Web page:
This film crawled up and surprised me. I was expecting a light comedy with some dramatic moments, what I got was a serious film with some comedic moments thoughtfully exploring the universal topics of fidelity and friendship, and I liked it. It’s actually hard to describe this film in terms of genre, definitely a ‘bromance’, perhaps a comedy/drama, either way, to me that makes for a true viewers delight.

Here’s the storyline: Confirmed bachelor Ronny and happily married Nick have been best friends and business partners since college. The two buddies are on the brink of landing a dream project that will push their auto design company over the top. Both men, it seems, rely upon the strengths of their women, Ronny’s girlfriend, Beth and Nick’s wife, Geneva to help keep them on target and focused. When Ronny accidentally sees Geneva kissing another man, his world is turned upside down and his friendship and loyalty to Nick forces him into a bad moral corner. Whither to tell Nick that his wife is cheating on the eve of their presentation to Chrysler Motors or to wait till after, is only the start of Ronny’s “Dilemma”. The mayhem that ensues is both comic and tragic, and tests the bonds of every relationship in the film.

I’ve heard that director Ron Howard’s partner, producer Brian Grazer, suggested the story to Vince Vaughn who signed on to the project early. Here it feels like he wanted to continue his exploration into the darker side of relationships that began with “The Break-Up”, and there’s nothing bad about that. Vaughn is a truly talented actor, capable of great performance and this is a good one. He takes advantage of every moment of screen time, running the full gamut of human emotions. The other roles are all beautifully acted as well, there’s not a bad performance in the bunch, but in truth, this is Vaughn’s film.

If the film fails anywhere it’s in Ron Howard’s middle of the road vision. He’s a great director and there are some inspired directorial moments in this film, but he cops out in the end by not making a strong statement about the basic nature of we human beings.

I enjoyed this film very much and recommend to any mature filmgoer.

Rating: (C+)

The Dilemma” is rated PG-13. (Parents Strongly Cautioned.)

THE MECHANIC review by John Delia

January 27th, 2011 No comments


Starring: Jason Statham, Ben Foster, Donald Sutherland, Tony Goldwyn and Mini Anden

Directed by: Simon West (Laura Croft: Tomb Raider, Con Air)

MPAA Rating: R for strong brutal violence throughout, language, some sexual content and nudity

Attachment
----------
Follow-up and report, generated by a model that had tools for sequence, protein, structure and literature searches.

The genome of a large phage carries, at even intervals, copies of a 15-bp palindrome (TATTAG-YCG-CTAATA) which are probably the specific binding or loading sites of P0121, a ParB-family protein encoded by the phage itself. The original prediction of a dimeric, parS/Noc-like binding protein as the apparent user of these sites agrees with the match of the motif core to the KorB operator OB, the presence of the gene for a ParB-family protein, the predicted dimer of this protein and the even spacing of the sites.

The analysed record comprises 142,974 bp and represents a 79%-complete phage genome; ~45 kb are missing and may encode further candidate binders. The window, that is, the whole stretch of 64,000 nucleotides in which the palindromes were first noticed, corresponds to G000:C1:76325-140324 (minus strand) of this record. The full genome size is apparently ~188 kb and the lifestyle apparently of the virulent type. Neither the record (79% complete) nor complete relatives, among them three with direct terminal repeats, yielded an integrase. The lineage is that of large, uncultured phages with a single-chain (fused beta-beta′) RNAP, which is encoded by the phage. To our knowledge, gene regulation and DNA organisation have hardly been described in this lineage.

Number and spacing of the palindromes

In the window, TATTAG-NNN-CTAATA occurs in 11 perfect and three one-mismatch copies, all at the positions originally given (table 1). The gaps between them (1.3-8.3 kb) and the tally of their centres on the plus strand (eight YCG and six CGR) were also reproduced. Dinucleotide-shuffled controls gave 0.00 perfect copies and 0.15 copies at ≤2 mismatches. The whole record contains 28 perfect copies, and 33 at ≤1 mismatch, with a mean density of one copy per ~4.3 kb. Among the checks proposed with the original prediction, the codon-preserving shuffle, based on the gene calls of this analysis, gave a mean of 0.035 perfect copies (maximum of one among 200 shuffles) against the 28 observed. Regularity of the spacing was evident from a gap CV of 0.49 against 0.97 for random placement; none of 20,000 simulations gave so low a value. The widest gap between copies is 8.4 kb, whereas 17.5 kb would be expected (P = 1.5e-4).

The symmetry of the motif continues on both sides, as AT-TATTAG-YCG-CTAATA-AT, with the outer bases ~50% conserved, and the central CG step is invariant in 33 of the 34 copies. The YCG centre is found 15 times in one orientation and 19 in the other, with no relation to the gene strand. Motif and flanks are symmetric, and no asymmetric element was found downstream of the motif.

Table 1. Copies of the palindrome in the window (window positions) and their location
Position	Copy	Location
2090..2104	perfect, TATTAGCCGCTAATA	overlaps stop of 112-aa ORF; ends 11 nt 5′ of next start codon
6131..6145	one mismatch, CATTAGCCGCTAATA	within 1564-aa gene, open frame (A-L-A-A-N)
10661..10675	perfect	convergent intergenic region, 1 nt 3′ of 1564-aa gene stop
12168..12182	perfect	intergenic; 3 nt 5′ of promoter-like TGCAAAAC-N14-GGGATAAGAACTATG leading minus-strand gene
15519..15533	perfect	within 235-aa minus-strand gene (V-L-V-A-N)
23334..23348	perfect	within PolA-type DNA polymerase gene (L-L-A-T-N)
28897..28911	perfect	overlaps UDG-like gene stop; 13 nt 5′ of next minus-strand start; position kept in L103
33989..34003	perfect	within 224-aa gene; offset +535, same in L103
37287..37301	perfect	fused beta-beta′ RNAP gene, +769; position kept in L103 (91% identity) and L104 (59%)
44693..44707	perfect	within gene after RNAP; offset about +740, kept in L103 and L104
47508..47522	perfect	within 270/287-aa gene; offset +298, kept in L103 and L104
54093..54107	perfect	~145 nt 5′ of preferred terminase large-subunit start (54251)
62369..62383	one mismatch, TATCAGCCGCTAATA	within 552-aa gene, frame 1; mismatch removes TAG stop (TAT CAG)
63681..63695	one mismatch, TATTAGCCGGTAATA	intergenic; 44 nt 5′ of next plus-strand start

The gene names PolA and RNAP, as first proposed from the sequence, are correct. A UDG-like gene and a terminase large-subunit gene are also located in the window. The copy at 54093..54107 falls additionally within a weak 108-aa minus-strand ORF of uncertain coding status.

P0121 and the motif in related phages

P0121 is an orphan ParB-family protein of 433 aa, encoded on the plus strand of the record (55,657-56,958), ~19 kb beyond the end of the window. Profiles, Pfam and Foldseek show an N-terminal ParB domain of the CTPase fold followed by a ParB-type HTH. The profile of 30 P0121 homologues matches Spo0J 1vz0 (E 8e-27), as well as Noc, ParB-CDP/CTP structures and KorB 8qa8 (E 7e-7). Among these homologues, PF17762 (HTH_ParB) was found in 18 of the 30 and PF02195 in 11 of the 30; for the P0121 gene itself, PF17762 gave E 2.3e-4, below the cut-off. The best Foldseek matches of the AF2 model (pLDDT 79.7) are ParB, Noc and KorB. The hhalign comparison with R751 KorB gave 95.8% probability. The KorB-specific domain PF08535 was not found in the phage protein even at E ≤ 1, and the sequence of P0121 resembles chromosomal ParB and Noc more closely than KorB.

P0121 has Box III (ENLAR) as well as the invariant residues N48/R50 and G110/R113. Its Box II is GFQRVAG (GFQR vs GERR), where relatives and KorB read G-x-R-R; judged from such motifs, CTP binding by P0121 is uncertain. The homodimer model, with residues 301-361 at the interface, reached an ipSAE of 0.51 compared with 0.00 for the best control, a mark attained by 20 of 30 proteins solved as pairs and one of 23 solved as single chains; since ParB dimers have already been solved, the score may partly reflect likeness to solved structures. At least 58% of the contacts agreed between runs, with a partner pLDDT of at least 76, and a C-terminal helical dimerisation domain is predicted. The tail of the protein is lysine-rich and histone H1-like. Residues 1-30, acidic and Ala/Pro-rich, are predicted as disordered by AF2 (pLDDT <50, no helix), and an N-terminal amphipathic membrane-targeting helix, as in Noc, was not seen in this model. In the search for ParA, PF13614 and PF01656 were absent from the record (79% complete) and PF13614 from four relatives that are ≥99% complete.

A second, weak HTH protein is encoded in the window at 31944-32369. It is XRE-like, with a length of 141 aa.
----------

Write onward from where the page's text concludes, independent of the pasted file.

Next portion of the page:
Genre: Action, thriller

Running Time: 1hr 32min

Release Date: January 28, 2011

Distributed by: CBS Films

By John Delia

Explosive, vicious and exhilarating, all the things that men like in a film are jammed into the 92 minutes of The Mechanic. The no-stop assassin drama kept me on the edge of my seat while bombs exploded, bullets flew, death defying stunts performed, knife fights, well you know what Crank was like, but count on double here. If you want to up your testosterone levels, then this is your kick-ass thriller.

Jason Statham as hit-man Arthur Bishop

The Mechanic’s plot surrounds Arthur Bishop (Statham), a hired assassin who makes a very good living knocking off drug lords and political dictators.  He lives a very dangerous life but the perks are great.  His hideaway in the New Orleans Bayou has all the amenities one could ask for and he manages to spend nights with some exciting girls.  One day he gets assigned a hit on his very close associate Harry (Donald Sutherland), a job he cannot refuse or put his own life in jeopardy.  At the funeral he runs into Harry’s son Steve (Ben Foster) who tells Arthur that he wants to get his dad’s killer.  Thus starts an unusual bond, one that takes them on a cringing death ride.

Statham plays his brilliantly usual tough guy who’s relentless on getting his score no matter what it takes.  I am a huge fan of his and he has never let me down on the screen.  Here he makes me even more devout. Ben Foster expels a nasty persona as Steve making a great sidekick to Arthur.  You can see in his face that every fight Steve gets into more fuel gets added to his hatred.

Simon West on the set of The Mechanic

That said how could the two stars go wrong under the direction Simon West (Con Air, Laura Croft: Tomb Raider).   The man has a mind of a maniac creating one brutal scene after the next.  I was amazed at how real the action looked, explosive the story rolled out and the intrigue that was woven within.

The Mechanic is rated R for strong brutal violence throughout, language, some sexual content and nudity.  Although the target audience is males, I could see a lot of women in the audience getting thrilled by it as well.

FINAL ANALYSIS:  A killer an action thriller. (B+)

BIUTIFUL review by John Delia

January 27th, 2011 No comments


Starring: Javier Bardem, Maricel Alvarez, Eduardo Fernández (II), Diaryatou Daff, and Blanca Portillo

Directed by: Alejandro Gonzalez

MPAA Rating: Rated R for disturbing images, language, some sexual content, nudity and drug use

Genre: Drama, Foreign

Running Time: 2hrs 28min

Distributed by: Roadside Attractions

By John Delia

Javier Bardem gives a gutsy performance in the gritty drama Biutiful.  I liked this film from the incisive beginning to the heartfelt ending.  Acting, directing and especially the cinematography are the building blocks for this story of a man struggling to keep his children.